git add .gitignore

Removing bootstrap

Open Web/View/Layout.hs and remove the following <link> and <script> elements that load bootstrap:

<link rel="stylesheet" href="/vendor/bootstrap.min.css" />
<script src="/vendor/popper.min.js"></script>
<script src="/vendor/bootstrap.min.js"></script>

We don’t need to make any additions for Tailwind here. Just get rid of bootstrap.

Bootstrap is also part of the production CSS build, we need to remove that as well. Open Makefile and remove these lines:

CSS_FILES += ${IHP}/static/vendor/bootstrap.min.css
JS_FILES += ${IHP}/static/vendor/popper.min.js
JS_FILES += ${IHP}/static/vendor/bootstrap.min.js

Switching IHP Styling

Right now, your IHP app will still be rendered with some bootstrap CSS class names. We can switch this to use tailwind classes. Since our configuration uses the JIT mode, it means we would need to copy the tailwind CSSFramework from IHP core files, into our custom theme. Otherwise, any css defined by IHP itself will not be caught by Tailwind before purging and keeping only the used CSS classes. This might seem weird initially, having to copy/paste; however, we think it is the best compromise since it’s very likely you would like to change the default classes and get your site a unique view.

Create a file at Web/View/CustomCSSFramework.hs and copy the imports and the contents of the tailwind function from IHP/View/CSSFramework.hs:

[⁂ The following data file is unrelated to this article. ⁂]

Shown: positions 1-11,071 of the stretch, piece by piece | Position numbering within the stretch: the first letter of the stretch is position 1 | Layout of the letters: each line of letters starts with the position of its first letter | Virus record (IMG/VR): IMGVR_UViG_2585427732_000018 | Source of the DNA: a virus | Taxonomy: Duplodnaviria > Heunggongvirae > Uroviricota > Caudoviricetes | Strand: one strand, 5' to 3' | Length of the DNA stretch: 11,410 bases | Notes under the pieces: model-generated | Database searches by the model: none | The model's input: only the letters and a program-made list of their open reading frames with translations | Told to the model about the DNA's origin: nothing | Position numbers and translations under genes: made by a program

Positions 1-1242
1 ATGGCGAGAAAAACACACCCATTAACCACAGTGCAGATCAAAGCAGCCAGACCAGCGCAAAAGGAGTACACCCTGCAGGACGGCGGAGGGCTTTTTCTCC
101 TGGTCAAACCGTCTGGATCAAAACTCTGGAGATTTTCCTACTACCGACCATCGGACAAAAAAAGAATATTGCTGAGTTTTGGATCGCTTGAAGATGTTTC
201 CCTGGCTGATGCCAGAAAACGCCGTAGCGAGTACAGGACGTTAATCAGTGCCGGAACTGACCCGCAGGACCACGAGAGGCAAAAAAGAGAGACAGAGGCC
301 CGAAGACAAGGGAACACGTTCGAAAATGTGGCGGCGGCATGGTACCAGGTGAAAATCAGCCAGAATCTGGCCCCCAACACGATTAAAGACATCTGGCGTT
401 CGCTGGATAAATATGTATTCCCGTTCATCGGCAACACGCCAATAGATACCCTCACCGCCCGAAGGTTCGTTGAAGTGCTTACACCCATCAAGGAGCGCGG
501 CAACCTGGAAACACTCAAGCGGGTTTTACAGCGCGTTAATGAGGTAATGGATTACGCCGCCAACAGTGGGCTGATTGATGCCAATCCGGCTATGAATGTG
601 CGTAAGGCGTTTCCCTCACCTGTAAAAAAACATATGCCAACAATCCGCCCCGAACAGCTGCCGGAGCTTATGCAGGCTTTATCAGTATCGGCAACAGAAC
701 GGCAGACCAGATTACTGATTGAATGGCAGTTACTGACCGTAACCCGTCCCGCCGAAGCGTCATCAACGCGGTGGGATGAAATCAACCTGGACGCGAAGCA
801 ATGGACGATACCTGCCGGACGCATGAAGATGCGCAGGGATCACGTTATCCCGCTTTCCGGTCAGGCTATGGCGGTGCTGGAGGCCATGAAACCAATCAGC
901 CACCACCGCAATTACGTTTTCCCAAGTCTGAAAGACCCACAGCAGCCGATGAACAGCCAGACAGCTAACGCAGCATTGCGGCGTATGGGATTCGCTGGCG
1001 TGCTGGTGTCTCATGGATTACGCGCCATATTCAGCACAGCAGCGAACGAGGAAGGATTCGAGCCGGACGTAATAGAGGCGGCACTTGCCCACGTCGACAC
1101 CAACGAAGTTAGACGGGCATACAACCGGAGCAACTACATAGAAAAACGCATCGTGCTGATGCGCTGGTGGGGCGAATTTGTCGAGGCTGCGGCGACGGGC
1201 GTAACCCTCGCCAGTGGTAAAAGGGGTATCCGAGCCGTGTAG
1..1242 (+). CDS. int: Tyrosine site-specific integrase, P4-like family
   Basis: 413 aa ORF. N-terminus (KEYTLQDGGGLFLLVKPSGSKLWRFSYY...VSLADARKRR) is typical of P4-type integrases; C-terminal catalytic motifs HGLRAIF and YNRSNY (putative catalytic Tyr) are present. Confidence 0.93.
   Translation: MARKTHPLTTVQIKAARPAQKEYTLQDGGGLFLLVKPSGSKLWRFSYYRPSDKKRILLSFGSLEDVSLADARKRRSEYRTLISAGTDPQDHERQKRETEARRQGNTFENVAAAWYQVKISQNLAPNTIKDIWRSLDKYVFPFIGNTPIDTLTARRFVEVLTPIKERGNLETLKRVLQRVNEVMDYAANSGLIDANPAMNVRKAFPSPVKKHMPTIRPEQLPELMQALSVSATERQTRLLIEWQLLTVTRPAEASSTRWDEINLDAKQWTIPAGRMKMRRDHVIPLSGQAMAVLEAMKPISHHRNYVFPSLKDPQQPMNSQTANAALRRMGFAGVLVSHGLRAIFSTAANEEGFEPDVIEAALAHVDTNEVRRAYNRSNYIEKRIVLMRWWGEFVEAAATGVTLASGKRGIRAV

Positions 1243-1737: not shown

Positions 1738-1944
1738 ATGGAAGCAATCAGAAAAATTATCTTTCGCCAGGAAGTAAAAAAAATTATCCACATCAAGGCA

module Web.View.CustomCSSFramework (customTailwind) where

import IHP.View.CSSFramework -- This is the only import not copied from IHP/View/CSSFramework.hs
import IHP.Prelude
import IHP.FlashMessages.Types
import qualified Text.Blaze.Html5 as Blaze
import Text.Blaze.Html.Renderer.Text (renderHtml)
import IHP.HSX.QQ (hsx)
import IHP.HSX.ToHtml ()
import IHP.View.Types
import IHP.View.Classes

import qualified Text.Blaze.Html5 as H
import Text.Blaze.Html5 ((!), (!?))
import qualified Text.Blaze.Html5.Attributes as A
import IHP.ModelSupport
import IHP.Breadcrumb.Types
import IHP.Pagination.Helpers
import IHP.Pagination.Types
import IHP.View.Types (PaginationView(linkPrevious, pagination))


-- Copying the contents of 'tailwind' function
customTailwind :: CSSFramework
customTailwind = def
    { styledFlashMessage
    , styledSubmitButtonClass
    , styledFormGroupClass
    , styledFormFieldHelp
-- ... Keep copying the rest of the function

Now JIT will recognize those classes and not purge them.

Open Config/Config.hs and make these changes:

module Config where

import IHP.Prelude
import IHP.Environment
import IHP.FrameworkConfig
import Web.View.CustomCSSFramework -- ADD THIS IMPORT

config :: ConfigBuilder
config = do
    option Development
    option (AppHostname "localhost")
    option customTailwind -- ADD THIS OPTION

Developing with Tailwind

Once everything is installed, you can start your tailwind build by calling:

make tailwind-dev

Whenever you change any CSS file in tailwind/ it will automatically rebuild your styles and write it to static/app.css.

Building for production

Because we defined the static/app.css make task above, the standard process of building IHP CSS applies here as usual:

make static/prod.css

Make will automatically detect that static/app.css is missing and will run make static/app.css to produce that missing file. This will then trigger the tailwind production build.

This means you don’t need to make any changes to your existing deployment process or your IHP Cloud settings.